Trust & Communication – The Salt & Pepper on the Management’s table!

Trust & Communication – The Salt & Pepper on the Management’s table!

Why should organisations focus on building trust and communication in the workplace? In this article, Geetanjali Wheeler helps us understand this and also how sometimes the answer lies in just going back to basics!

The foundation of a lasting relationship is largely based on trust and transparent communication. In fact, as humans, we recognize the principles of this foundation in our personal relationships. The truth, however, is that many organisations made up of “people” are unable to take it beyond the charter of values and culture they present in boardroom and town halls.

The HR team is then tasked with doing team-building activities through off-sites and fun Fridays! While these are important and appreciated, they alone will not be enough to build the foundation we seek. The ability to innovate, collaborate, demonstrate learning agility and lead change are now in the “must-have” list of competencies.

So, why should organisations focus on building trust and communication in the workplace? To answer this question, we must understand the strong relationship they have with each other.

Communication enables the building of trust and trust enables effective communication. The lack of communication will erode trust and the lack of trust will not result in open communication. Trust is built using building blocks of consistent and genuine communication.

Let us explore some benefits to organisations:

  • A workplace that fosters “trust” encourages employees to bring their “whole self” to work. Such organisations will experience ideas, interest and passion from them. It also allows employees to learn from failures and not be afraid of having a constructive conflict. This is essential for teams to collaborate and drive synergy. Higher the trust and communication between teams, the greater is the achievement orientation
  • Organisations that lack trust and open communication witness the curious case of what I call as “hard-working ants”. These are people who work to the best of their abilities, are known for their quality of work, are motivated intrinsically and are not the “noise makers” to get what they want. They carry the burden for so long that one day they just part ways leaving the management clueless about why their retention efforts did not work!

An organisation where people enjoy a healthy environment is not only attractive for talent but also for retention. Many reports have confirmed that 75% of the workforce by 2025 will be Gen Y and we also have Gen Z entering the workforce. Let’s explore what is typical about such workforce that foundationally requires trust and communication:

  • They want to work for organisations that they can relate with in terms of sense of purpose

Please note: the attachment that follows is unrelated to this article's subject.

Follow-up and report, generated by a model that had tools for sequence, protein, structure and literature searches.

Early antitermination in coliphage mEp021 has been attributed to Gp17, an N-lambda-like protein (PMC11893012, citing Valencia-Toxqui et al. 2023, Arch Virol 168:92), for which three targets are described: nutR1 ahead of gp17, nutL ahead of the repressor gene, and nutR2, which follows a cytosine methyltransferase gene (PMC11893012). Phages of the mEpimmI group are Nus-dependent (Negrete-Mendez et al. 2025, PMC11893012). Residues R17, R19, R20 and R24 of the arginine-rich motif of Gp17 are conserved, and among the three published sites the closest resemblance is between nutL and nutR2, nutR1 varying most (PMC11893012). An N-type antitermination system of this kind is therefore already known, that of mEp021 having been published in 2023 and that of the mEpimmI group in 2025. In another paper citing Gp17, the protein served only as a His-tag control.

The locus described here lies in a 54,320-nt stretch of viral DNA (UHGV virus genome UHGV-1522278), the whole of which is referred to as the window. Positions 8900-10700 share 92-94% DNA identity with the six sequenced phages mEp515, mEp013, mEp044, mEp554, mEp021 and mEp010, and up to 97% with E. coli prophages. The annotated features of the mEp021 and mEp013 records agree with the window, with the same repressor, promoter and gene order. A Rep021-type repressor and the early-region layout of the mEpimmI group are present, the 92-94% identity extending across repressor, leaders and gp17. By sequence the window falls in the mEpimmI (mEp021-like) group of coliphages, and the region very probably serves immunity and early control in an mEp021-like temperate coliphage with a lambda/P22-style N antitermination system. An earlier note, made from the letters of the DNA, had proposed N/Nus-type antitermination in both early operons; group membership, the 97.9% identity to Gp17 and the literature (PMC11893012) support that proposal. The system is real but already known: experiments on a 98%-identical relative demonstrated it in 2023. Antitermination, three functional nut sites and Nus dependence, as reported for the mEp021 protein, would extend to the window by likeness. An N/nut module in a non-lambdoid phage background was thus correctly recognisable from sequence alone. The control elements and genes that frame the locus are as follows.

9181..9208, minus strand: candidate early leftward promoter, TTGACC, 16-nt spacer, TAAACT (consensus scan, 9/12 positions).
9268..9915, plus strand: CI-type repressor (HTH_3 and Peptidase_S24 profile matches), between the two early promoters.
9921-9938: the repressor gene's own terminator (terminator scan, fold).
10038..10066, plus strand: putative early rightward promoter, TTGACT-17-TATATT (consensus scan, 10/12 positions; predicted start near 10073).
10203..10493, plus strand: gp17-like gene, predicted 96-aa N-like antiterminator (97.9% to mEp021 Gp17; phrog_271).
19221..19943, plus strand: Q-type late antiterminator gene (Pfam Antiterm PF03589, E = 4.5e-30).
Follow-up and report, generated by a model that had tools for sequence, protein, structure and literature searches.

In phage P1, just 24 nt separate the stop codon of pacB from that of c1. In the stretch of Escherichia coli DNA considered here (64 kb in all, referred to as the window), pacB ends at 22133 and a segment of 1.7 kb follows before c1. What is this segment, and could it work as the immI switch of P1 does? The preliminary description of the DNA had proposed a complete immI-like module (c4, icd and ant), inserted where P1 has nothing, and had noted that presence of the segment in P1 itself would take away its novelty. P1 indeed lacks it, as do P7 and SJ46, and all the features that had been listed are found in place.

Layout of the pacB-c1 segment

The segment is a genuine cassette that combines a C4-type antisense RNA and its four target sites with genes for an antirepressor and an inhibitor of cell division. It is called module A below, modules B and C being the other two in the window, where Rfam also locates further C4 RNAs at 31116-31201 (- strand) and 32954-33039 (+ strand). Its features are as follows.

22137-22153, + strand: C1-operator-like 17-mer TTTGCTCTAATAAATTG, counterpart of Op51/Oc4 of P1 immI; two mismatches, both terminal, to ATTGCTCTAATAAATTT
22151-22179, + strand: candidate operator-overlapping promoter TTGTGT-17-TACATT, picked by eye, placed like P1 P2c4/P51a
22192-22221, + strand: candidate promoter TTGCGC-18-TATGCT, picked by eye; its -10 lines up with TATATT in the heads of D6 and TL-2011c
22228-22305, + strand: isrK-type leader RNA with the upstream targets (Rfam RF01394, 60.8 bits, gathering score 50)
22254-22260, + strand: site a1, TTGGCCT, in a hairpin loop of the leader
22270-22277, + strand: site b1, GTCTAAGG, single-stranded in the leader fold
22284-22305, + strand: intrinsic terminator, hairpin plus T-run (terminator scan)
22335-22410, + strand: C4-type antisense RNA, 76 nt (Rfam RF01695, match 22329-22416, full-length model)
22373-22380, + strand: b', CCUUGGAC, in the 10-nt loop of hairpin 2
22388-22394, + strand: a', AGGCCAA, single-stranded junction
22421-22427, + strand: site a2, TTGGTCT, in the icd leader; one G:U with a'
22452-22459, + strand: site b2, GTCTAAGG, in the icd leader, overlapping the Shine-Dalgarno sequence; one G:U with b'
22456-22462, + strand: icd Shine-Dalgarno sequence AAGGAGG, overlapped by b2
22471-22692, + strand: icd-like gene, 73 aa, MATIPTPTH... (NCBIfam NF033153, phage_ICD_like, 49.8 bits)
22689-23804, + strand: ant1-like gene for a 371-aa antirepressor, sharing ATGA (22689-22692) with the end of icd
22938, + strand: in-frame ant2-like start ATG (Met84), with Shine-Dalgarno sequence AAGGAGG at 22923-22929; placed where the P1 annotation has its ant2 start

• They enjoy teamwork and collaboration
  • They expect continuous feedback from their Managers
  • They want to feel empowered and want to make a difference

The “Agile” way of working requires a high degree of collaboration and commitment by members of the project. The team needs to trust each other on the deliverables. Their daily stand-up meetings updating the progress, the plan for the day, bottlenecks and support needed indicates the degree to which they communicate! Most of the people from such teams that I have interacted with have accounted for their success or learnings to this discipline.



So, what are some actions that organisations can take to build trust and communication in the workplace?

  • Define what does trust and communication mean in terms of behaviours and measures. Internalise them with every employee in the organisation
  • Make it a part of the culture, by enabling every layer in the organisation to adopt it as a “way of life”. The employees in an organisation like this are more likely to exhibit “Organisational Citizenship Behaviour”
  • We must acknowledge & recognise the demonstration of “right” behaviours. We must celebrate the success of our measures and learn from the failures
  • The leaders must “walk the talk” and must be held accountable for it. They are responsible to not just create but sustain a culture nurtured by the trust.
  • Communicate the organisation’s purpose & vision, strategy, performance etc. and keep the momentum on even when the times are hard and uncertain! The employees show value and respect when leaders maintain true communication in tough times and that raises the bar of trust!
  • The internal comms plan needs to be as important as the external comms agenda. It should be continually reviewed and course-corrected

The building of trust with open and transparent communication is a mammoth task and defines the character of the organisation. This is why it’s not enough to just focus on “What to do?”… We also need to know “What not to do?” because it takes no time for trust to be broken or communication to fail!

Sometimes the answer lies in just going back to basics!


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